The elephant in the room is not the prospect of journal subscription cancellations, because as long as researchers need access to peer-reviewed journals, and as long as peer-reviewed journals are accessible only via subscriptions, subscriptions will remain viable, and institutions will just have to keep paying for whatever fraction they can afford of them.

The elephant in the room is Open Access (OA) self-archiving of journal articles by the “Slumbering Giant” — the universal provider of all the content of the planet’s 25,000 peer-reviewed journals: the planet’s 10,000 universities and research institutions.

As soon as the Slumbering Giant awakes to the fact that OA is fully within its reach — all it has to do is to mandate it — all the fuss about journal affordability, institutional serials crises, and publisher overpricing will fade, for researchers will have access to all refereed research, not just the fraction of it to which their institutions can afford to subscribe today.

And then, maybe, institutions will start canceling, their users’ needs no longer being inelastic, thanks to the OA mandates.

And then publishers will cut costs, lower prices, and eventually make a transition to OA publishing, recovering the costs of peer review from institutional publication fees, paid out of a fraction of institutions’ windfall subscription cancellation savings.

That’s the real elephant in the room, if you like. But as long as we persist in imagining instead that it’s something to do with journal pricing, “Big Deals,” and the need for pricing reform, we will not only fail to notice the elephant, we will fail to grasp its tail, which is fully within our reach. Instead, we will, like the drunk and the lamp-post, keep fumbling where the elephant isn’t (or, like the blind men and the elephant, fail to grasp what it is)!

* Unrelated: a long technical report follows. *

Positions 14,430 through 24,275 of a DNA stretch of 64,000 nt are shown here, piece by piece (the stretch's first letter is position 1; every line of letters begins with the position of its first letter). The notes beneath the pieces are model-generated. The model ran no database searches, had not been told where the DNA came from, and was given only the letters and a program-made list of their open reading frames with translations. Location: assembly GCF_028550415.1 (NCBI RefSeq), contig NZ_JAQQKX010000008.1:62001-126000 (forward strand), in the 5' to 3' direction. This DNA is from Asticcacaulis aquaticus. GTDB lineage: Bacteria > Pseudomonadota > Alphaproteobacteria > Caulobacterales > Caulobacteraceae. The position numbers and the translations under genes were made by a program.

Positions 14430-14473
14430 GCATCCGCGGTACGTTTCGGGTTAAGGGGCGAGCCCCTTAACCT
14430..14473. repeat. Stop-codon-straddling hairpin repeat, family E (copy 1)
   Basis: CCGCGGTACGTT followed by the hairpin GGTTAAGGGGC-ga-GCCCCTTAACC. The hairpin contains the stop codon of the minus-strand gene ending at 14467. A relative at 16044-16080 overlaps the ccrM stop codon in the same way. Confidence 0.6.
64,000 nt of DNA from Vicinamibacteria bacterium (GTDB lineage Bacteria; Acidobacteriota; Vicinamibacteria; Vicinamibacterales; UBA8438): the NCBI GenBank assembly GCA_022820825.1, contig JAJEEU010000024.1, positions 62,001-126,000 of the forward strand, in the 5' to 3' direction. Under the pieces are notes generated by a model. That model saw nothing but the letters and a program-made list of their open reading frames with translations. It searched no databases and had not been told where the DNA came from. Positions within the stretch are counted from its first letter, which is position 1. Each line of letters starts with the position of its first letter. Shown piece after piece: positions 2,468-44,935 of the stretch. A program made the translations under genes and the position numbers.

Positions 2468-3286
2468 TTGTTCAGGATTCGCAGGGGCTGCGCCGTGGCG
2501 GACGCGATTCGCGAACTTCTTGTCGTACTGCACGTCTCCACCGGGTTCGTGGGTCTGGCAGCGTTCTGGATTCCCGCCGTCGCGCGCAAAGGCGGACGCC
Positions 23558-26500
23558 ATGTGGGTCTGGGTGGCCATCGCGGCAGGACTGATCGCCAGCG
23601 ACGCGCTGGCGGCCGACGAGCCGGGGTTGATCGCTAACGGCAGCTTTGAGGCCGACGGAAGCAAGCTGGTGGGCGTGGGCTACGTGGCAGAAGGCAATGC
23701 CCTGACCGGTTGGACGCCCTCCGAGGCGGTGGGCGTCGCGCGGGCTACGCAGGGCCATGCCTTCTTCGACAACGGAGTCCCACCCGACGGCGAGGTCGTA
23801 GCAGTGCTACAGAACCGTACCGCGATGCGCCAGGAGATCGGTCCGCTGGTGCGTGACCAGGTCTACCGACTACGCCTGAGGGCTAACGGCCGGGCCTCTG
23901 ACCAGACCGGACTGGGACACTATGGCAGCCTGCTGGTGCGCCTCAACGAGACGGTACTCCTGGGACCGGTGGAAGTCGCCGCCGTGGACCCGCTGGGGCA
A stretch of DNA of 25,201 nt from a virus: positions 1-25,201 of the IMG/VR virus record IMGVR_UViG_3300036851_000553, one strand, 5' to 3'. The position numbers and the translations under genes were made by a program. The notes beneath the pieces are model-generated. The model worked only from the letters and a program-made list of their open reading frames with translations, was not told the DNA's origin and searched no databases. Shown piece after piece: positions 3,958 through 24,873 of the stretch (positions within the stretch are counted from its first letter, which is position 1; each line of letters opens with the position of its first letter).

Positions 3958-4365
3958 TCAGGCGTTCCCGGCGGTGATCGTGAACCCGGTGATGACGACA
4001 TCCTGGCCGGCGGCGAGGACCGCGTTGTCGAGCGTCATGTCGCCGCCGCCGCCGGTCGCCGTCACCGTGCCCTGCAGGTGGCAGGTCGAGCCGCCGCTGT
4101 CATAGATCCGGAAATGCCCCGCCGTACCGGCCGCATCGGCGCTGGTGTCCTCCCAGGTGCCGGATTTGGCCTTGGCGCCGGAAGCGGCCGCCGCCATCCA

Ganesh Loxodont

6. Joining things up

A national portal designed to raise the profile of Open Accessresearch in Ireland. The Irish-African Partnership for Research Capacity Building Digital repository for the participating Irish and African universities.
Niamh Brennan, Programme Manager, Research Information Systems & Services, Trinity College Library Dublin, Ireland

OA McMemberships, Dismemberment and MC Escher

Gold OA institutional “membership” is incoherent and does not scale. It only gives the illusion of making sense if you think of it locally, and myopically. Annual institutional subscriptions to journals containing the annual outgoing refereed research of all other institutions do not morph into annual institutional memberships for publishing each institution’s own outgoing refereed research. There are 25,000 journals and 10,000 institutions! Is every single institution to commit and contract in advance to pay for its authors’ (potential) fraction of annual submissions to every single journal? Is that a “membership” or a distributed dismemberment? And is every journal to commit and contract in advance to accept every institution’s annual fraction of submissions? (Is that peer review?) This is a global oligopolistic illusion that would fit publishers just about as well as it would fit McDonalds, except there are at least 25,000 different journals to “join”, and institutions each have thousands of author-consumers with diverse dietary needs, varying day to day and year to year.

Part of the illusion of coherence comes from thinking in terms of journal-fleet publishers instead of individual journal article submissions. But this is merely another variant of the “Big Deal” strategy that has done nothing to solve either the accessibility or the affordability problem. The reality is that (Gold) OA publishing is premature today, except as a proof of principle. What is needed first is for universal (Green) OA self-archiving mandates to be adopted by institutions and funders. That will provide universal (Green) OA, which may eventually generate cancellation pressure that will induce journals to cut obsolete costs and products/services by downsizing to just providing peer review, paid for by individual institutions on an individual outgoing article basis out of a fraction of their annual windfall savings from their institutional subscription cancellations. To buy into “memberships” with fleet publishers now, pre-emptively, and at current prices, while the money is still tied up in subscriptions (which cannot, of course, be cancelled in advance, before OA) is both penny- and pound-foolish — and downright absurd if a “member” institution has not even first mandated Green OA self-archiving for all of its own refereed research output…

Stevan Harnad
American Scientist Open Access Forum